In the following command, we are downloading the Go binary file named go1.17.6.linux-amd64.tar.gz to the /tmp directory instead of the current directory.

wget -P /tmp/ https://go.dev/dl/go1.17.6.linux-amd64.tar.gz
download to a different directory

Limiting the download speed

By default, the wget command uses up all the bandwidth to download files. To limit the download speed use the --limit-rate option followed by the value of the download speed. The speed is expressed in bytes/seconds. To specify the download speed, use k for kilobytes, m for megabytes, and finally g for gigabytes.

In the example below, we have managed to limit the download speed of the Go binary file to 1 Megabyte per second.

wget --limit-rate=1m https://go.dev/dl/go1.17.6.linux-amd64.tar.gz
limit the download speed

Resuming a failed file download

Occasionally, you will run into situations where a file download fails. This can be due to multiple causes such as unstable network connections or a network error. When an interruption happens while file download is in progress, it results in a partially downloaded file. The incomplete download file is usually considered a broken file.

Thankfully, the wget command provides the -C option which resumes a file download.

In this example, we have simulated a failed file download by pressing Ctrl + c

failed download

To resume a partially downloaded file, we will use the -C option as follows.

wget -c https://download.owncloud.org/community/owncloud-complete-latest.tar.bz2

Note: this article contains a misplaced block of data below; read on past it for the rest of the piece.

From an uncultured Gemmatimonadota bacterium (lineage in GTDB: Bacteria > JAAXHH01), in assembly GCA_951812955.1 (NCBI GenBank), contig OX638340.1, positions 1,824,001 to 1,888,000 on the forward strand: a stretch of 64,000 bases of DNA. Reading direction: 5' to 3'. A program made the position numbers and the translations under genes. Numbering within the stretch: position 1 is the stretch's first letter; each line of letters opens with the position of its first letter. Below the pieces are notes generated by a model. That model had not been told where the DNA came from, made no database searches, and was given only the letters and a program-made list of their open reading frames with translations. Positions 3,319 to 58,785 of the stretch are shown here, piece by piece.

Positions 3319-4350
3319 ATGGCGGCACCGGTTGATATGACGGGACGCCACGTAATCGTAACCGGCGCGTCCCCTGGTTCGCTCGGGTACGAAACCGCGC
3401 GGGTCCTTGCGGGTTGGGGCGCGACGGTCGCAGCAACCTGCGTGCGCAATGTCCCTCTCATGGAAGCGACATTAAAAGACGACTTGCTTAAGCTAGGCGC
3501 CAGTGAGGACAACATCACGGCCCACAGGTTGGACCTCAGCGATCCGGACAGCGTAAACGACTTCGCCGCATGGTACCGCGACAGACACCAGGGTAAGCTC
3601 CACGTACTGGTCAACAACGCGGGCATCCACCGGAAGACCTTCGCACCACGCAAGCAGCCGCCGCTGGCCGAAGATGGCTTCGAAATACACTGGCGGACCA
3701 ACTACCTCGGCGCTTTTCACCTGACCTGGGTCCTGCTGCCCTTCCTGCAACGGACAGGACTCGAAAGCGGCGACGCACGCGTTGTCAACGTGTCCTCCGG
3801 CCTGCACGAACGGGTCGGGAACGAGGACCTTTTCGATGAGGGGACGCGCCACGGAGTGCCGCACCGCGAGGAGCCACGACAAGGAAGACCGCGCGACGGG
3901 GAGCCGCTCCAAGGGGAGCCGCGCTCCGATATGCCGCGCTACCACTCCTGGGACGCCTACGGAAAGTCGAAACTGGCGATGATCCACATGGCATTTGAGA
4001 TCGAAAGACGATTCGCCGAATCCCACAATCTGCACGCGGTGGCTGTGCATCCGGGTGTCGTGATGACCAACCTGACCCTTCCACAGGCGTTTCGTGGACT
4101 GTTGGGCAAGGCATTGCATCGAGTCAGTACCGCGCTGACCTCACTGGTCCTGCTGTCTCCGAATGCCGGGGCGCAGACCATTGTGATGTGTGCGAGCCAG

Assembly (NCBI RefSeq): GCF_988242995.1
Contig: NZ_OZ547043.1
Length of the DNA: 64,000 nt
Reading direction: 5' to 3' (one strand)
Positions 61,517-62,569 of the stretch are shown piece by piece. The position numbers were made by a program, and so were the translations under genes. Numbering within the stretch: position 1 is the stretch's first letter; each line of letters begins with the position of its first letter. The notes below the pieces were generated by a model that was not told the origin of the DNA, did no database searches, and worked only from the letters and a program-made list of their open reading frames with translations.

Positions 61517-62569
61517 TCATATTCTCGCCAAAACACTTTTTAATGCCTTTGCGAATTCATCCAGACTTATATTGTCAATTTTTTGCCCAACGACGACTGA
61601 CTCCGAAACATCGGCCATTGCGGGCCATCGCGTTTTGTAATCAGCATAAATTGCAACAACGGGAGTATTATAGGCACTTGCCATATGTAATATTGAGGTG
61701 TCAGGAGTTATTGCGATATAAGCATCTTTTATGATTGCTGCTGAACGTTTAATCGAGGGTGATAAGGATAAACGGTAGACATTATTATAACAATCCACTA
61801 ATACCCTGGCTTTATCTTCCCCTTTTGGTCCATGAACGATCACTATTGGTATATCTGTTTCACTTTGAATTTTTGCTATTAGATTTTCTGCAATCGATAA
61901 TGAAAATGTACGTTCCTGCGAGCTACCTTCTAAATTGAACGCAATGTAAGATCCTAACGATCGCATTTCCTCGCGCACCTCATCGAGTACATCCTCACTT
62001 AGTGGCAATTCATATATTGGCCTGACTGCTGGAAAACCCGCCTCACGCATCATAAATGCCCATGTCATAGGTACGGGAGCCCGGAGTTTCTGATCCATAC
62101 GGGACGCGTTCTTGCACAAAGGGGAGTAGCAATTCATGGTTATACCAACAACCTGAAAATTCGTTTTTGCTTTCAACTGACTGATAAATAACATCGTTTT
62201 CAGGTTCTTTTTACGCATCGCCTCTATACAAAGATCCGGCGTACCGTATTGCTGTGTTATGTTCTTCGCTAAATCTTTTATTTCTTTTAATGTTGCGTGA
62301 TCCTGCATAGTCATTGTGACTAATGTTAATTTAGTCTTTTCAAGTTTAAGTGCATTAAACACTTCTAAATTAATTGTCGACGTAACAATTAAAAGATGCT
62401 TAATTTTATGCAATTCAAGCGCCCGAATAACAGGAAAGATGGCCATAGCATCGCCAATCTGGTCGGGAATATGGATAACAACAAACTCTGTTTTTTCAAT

resume failed file download

If the remote HTTP server does not support the resumption of a file download, then wget will start the download afresh and overwrite the existing file.

Downloading a file in the background

When time is of the essence and you want to continue running other tasks on the terminal, you might want to consider downloading a file in the background. This frees up the terminal and allows you to continue running other tasks.

To download files in the background, use the -b option. In the following command, we are downloading the latest Linux kernel in the background.

wget -b https://cdn.kernel.org/pub/linux/kernel/v5.x/linux-5.16.1.tar.xz

If no output file is specified using the -O option, then the output is redirected to the wget-log file in your present directory. You can keep track on the download progress by viewing the wget-log file using the tail command:

tail -f wget-log